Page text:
Corey Quinn: But it's all a hard problem and it's not where you're going to be able to spend all your innovation energy if you're AWS. I mean the only somewhat recurring challenge I've had with you folks and again it's one of those things that I think a lot of folks wish they had this problem, where, Okay, Chris, we have now spent cumulatively six hours on getting this sound profile for this microphone and my voice dialed in.

Corey Quinn: Are we at a point of diminishing returns, or is this good enough? Remembering that we're not here to, you know, record a Grammy winning album. We're here to basically take my extemporaneous, uh, shitposting just thoughts about whatever it is that Cloud has done this week. And, like, is this sufficient to the task?

Corey Quinn: And you almost have to, like, shake yourself out of, oh, oh yeah, right. We're not doing this for, this is not the Audiophiles podcast. And, again, I sound incredible. I get complimented on it all the time. But at some point it's like, okay, this is good enough for, for use. I remember historically I had a, another podcasting company I was working with in the very early days and they had no recommendations whatsoever.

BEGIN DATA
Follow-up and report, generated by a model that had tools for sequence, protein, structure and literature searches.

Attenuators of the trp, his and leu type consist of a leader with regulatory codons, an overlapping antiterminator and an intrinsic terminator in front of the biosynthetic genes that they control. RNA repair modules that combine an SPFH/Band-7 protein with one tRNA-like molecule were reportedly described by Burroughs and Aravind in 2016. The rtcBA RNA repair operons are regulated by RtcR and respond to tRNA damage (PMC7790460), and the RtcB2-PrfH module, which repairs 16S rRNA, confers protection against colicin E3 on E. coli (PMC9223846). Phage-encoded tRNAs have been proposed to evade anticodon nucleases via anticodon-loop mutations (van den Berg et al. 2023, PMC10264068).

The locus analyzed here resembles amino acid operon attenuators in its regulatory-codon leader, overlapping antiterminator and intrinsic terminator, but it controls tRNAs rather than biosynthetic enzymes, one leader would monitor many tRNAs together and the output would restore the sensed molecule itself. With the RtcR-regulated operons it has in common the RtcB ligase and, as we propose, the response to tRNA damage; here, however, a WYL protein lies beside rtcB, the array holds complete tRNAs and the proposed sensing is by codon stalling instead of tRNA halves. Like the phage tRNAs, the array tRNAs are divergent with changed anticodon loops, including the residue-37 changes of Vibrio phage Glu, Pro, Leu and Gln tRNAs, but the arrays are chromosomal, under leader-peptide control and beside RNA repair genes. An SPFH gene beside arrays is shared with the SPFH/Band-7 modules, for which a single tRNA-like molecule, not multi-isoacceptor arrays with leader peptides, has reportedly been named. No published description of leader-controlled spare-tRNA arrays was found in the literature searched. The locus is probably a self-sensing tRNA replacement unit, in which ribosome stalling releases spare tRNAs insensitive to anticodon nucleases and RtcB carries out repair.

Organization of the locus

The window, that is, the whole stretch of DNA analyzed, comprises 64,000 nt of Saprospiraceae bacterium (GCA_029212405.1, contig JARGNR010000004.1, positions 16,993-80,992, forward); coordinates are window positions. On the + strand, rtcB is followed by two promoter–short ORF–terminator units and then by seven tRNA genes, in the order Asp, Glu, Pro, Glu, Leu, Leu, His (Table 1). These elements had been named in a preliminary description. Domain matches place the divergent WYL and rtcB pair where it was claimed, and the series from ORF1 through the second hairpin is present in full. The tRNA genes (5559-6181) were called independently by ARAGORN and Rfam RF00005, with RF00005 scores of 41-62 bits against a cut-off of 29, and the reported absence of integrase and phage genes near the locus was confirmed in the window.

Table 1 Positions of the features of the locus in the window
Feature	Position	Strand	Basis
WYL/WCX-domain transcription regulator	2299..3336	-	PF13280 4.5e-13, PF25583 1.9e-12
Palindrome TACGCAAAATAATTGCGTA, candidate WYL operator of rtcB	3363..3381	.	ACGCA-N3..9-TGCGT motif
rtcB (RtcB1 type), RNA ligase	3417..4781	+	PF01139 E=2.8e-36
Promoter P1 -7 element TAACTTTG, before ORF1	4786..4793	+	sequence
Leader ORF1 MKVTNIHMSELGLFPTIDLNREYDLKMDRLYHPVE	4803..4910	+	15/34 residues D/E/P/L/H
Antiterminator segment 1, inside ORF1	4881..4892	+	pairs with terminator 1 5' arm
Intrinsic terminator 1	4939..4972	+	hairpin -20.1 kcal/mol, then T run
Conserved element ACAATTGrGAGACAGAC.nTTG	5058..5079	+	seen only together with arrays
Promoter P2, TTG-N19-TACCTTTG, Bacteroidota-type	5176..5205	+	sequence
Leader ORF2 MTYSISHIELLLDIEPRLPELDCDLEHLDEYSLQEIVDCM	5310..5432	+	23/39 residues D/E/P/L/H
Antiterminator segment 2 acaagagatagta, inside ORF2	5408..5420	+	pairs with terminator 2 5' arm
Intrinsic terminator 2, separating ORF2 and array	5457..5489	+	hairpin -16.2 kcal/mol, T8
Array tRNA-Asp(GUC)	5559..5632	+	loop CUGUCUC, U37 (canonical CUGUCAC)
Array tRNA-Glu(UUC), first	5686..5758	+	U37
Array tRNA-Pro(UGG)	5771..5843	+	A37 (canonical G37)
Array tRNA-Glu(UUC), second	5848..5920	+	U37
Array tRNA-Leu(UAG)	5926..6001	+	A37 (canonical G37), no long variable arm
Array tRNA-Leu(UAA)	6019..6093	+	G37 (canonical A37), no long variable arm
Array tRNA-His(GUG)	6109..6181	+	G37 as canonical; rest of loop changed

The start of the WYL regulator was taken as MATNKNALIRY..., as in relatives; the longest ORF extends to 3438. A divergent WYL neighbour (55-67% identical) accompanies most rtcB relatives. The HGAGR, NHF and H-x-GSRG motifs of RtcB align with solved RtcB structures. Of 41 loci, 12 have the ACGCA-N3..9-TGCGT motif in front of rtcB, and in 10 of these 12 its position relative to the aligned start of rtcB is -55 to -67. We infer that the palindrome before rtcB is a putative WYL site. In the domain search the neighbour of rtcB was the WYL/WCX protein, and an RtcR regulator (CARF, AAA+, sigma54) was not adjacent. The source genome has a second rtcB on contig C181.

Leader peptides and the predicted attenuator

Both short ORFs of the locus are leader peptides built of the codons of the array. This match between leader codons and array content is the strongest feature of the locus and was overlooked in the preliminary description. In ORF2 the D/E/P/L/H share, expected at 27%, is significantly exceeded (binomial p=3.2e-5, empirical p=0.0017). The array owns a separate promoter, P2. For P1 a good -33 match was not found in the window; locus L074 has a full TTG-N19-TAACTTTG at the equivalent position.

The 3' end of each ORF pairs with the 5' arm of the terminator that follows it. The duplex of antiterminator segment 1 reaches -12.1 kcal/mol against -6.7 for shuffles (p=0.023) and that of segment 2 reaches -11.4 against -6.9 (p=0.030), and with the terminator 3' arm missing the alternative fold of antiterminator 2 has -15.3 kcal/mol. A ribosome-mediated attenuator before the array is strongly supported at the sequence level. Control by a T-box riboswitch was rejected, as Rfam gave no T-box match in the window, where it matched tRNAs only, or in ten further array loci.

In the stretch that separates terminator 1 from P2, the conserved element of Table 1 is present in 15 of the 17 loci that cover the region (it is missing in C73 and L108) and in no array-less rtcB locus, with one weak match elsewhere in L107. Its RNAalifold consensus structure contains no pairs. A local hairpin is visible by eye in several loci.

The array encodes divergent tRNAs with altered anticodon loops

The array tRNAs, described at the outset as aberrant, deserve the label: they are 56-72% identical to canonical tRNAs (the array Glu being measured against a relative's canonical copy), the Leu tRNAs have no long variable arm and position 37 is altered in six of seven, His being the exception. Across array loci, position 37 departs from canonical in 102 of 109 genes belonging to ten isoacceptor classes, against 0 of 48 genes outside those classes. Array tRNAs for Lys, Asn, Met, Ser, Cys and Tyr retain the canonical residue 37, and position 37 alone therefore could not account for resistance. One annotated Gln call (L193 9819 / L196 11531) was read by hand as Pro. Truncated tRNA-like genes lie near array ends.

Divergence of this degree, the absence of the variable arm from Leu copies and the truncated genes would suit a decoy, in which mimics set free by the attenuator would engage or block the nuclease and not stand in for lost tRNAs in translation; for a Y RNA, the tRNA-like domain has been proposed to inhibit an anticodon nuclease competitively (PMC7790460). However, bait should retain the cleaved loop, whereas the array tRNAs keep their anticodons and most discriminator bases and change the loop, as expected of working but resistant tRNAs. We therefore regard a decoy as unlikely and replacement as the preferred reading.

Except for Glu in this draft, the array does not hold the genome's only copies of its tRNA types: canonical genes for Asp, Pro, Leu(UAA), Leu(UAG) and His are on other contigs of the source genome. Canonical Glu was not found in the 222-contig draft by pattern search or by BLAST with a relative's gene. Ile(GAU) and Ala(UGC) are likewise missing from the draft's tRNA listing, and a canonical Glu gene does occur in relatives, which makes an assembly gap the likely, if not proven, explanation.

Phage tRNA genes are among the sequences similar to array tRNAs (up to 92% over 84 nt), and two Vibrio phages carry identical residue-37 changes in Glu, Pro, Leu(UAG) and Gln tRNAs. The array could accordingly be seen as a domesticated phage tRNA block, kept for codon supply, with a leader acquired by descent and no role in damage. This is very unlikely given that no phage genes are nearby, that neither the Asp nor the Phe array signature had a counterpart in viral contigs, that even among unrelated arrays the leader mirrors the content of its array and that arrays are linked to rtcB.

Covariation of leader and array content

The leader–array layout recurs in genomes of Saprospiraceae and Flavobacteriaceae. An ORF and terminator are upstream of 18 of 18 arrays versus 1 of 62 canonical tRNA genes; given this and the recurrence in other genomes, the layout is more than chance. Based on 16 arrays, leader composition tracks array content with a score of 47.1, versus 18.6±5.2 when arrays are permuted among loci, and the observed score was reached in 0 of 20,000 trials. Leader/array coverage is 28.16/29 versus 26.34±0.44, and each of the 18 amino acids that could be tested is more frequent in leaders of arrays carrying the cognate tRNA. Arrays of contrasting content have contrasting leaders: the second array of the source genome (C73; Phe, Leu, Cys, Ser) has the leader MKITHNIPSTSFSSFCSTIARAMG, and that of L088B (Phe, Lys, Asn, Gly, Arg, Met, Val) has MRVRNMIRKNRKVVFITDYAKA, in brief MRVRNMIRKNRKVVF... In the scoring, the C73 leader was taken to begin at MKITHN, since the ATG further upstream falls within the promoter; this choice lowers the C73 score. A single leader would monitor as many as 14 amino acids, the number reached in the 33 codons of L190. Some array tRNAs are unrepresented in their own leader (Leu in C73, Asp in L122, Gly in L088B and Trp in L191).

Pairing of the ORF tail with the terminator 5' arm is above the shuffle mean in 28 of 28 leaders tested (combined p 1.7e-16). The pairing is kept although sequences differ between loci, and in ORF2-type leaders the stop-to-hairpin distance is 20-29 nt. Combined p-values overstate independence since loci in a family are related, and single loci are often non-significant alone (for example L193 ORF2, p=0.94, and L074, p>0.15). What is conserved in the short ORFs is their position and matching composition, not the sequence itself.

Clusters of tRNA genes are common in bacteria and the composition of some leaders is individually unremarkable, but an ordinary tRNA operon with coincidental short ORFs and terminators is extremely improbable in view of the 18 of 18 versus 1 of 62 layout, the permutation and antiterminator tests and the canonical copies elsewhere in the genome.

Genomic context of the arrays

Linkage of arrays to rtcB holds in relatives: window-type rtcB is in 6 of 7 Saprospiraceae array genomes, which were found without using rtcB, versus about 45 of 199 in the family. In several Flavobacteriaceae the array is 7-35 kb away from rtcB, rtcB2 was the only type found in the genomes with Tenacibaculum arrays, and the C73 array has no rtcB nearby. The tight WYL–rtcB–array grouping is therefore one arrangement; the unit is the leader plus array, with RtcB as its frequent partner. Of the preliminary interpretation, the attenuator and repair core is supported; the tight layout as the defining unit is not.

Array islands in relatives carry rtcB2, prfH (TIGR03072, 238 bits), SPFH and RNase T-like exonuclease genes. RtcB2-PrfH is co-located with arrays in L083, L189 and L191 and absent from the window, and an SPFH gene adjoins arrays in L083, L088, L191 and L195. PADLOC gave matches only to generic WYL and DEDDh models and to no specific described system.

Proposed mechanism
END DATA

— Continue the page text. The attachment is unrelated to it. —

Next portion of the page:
Corey Quinn: So I was, looked, scraped me through the internet. And then there was a second team that was great. They just kept changing the recommendations every two weeks. So it's like, okay, now four generations in, brought you in was, okay, here's what I want. Here's the, uh, budget I'm looking at here, tell me what to get.

Corey Quinn: And it was, I'm still weirded out because what, four, five years in, I'm still using the same microphone, like what? Aren't I supposed to have thrown this in the trash and replaced it with three more by now? There's a new one on the Shiny website, isn't that going to be better? Yeah, it's a microphone from the 70s, not so much.

Chris Hill: I mean, you're using a radio mic, basically, right now.

Corey Quinn: And I have a face for radio, that's not necessarily that far apart.

Chris Hill: With what we do, like, I have a big focus on fixing things in pre. Basically, make sure that the Tools that you're using, the assets that you're using, like everything you're creating is ready to go once it's recorded as much as possible.

Chris Hill: That helps you be efficient when you need to get an episode out like AWS Morning Brief. I don't think it's any secret you record those on Friday, you know, Friday afternoon, Eastern time for us. And then we put it through on the weekend. The fact that you have a good mic that sounds good, that just works when you, when you plug it in and record means that our team can take it and edit it a lot faster because otherwise we're cleaning up sound.